*Keep it short and fun. Do several short practice sessions each day at first, then longer walks when your dog is walking well. Keep the outings exciting with lots of changes of pace and direction, voice, play, sniff and treat reinforcements to keep your dog interested. 

Moving Target
Thanks to Camille Funke, training assistant at The Canine Connection in Chico, Calif, for demonstrating these techniques.

Does your dog love to target? If so, nose-targeting is another useful tool in your leash-walking learning kit. Here’s how to use targeting to enhance your dog’s polite walking:

*Supercharge your dog’s “Touch” behavior by making it really fun. Reinforce with toys, play and your excited happy voice (sound familiar?). 

* Teach him to nose-target to a target stick or wooden spoon (especially useful for small dogs – you won’t have to bend over to offer the target, and after he touches you can smash a goodie on the stick and lower it to him for treat delivery).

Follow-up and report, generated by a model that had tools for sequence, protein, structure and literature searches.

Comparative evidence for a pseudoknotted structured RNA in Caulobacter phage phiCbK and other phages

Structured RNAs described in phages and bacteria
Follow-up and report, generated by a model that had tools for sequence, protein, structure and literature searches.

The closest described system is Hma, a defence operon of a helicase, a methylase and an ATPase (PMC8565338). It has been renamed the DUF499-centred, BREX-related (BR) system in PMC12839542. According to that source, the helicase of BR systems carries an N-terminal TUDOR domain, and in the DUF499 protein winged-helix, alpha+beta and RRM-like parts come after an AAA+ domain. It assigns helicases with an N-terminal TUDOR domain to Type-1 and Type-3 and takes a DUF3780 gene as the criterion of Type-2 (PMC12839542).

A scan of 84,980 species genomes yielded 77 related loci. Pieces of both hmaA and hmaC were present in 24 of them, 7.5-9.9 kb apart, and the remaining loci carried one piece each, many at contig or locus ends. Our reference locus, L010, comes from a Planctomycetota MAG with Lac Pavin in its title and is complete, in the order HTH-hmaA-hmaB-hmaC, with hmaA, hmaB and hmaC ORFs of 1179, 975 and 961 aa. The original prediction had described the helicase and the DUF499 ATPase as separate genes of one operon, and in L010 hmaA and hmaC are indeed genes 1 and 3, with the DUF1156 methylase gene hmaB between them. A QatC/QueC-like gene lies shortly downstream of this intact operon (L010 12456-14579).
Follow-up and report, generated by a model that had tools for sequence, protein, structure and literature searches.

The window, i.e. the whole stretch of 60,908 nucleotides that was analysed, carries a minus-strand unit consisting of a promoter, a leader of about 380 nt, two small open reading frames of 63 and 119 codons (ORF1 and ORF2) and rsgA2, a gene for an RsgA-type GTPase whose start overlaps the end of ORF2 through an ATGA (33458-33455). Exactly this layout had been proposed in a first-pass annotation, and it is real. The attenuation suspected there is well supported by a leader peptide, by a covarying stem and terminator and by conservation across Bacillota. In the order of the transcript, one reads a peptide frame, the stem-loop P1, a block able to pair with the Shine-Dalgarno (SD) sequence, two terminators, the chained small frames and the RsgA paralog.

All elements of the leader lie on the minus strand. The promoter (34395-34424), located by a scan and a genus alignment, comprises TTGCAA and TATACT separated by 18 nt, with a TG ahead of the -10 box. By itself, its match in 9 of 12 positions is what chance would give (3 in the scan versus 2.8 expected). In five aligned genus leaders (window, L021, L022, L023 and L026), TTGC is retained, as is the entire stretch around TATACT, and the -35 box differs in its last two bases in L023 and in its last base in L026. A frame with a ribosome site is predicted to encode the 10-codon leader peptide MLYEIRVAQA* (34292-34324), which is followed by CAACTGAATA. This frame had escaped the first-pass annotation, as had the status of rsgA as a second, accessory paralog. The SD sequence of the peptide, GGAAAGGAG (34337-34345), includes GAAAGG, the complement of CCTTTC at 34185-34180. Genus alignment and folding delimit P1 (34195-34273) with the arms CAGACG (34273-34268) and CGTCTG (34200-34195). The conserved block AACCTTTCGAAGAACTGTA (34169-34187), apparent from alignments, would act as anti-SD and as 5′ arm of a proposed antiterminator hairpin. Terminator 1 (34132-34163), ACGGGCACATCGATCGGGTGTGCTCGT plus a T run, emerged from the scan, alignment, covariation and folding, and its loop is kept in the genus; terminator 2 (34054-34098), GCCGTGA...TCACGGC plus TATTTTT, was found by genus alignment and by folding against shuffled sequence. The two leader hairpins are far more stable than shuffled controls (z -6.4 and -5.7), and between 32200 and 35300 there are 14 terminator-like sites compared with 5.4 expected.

* Ask him to “Touch!” and move your target hand/stick away so he moves toward it and puts more energy behind his nose touch. Mark and treat/toy/play.

* Ask him to “Touch” and run away so he runs after you to touch the target hand/stick. Mark and treat/toy/play.

* Ask him to “Touch” when he is 10 to 20 feet (or more) away from you and run away so he really has to run after you to touch the target. Mark and treat/toy/play.

* If he’s physically able, ask him to leap up in the air and/or over a jump to touch the target. Mark and treat/toy/play.

* Now that his targeting behavior is supercharged, as he’s walking with you on-leash (or indoors off-leash, as shown in the photo below), put your target where you want his nose to be while you walk, and ask him to “Touch!” Mark and give him a treat or initiate play with a toy each time his nose touches the target, which you continue to hold in the zone where you want his nose to be. 

You can use this to reinforce your dog when he is walking in his polite-walk position, to invite him back to the proper zone when he gets out of position, or to help him walk past something he’s afraid of.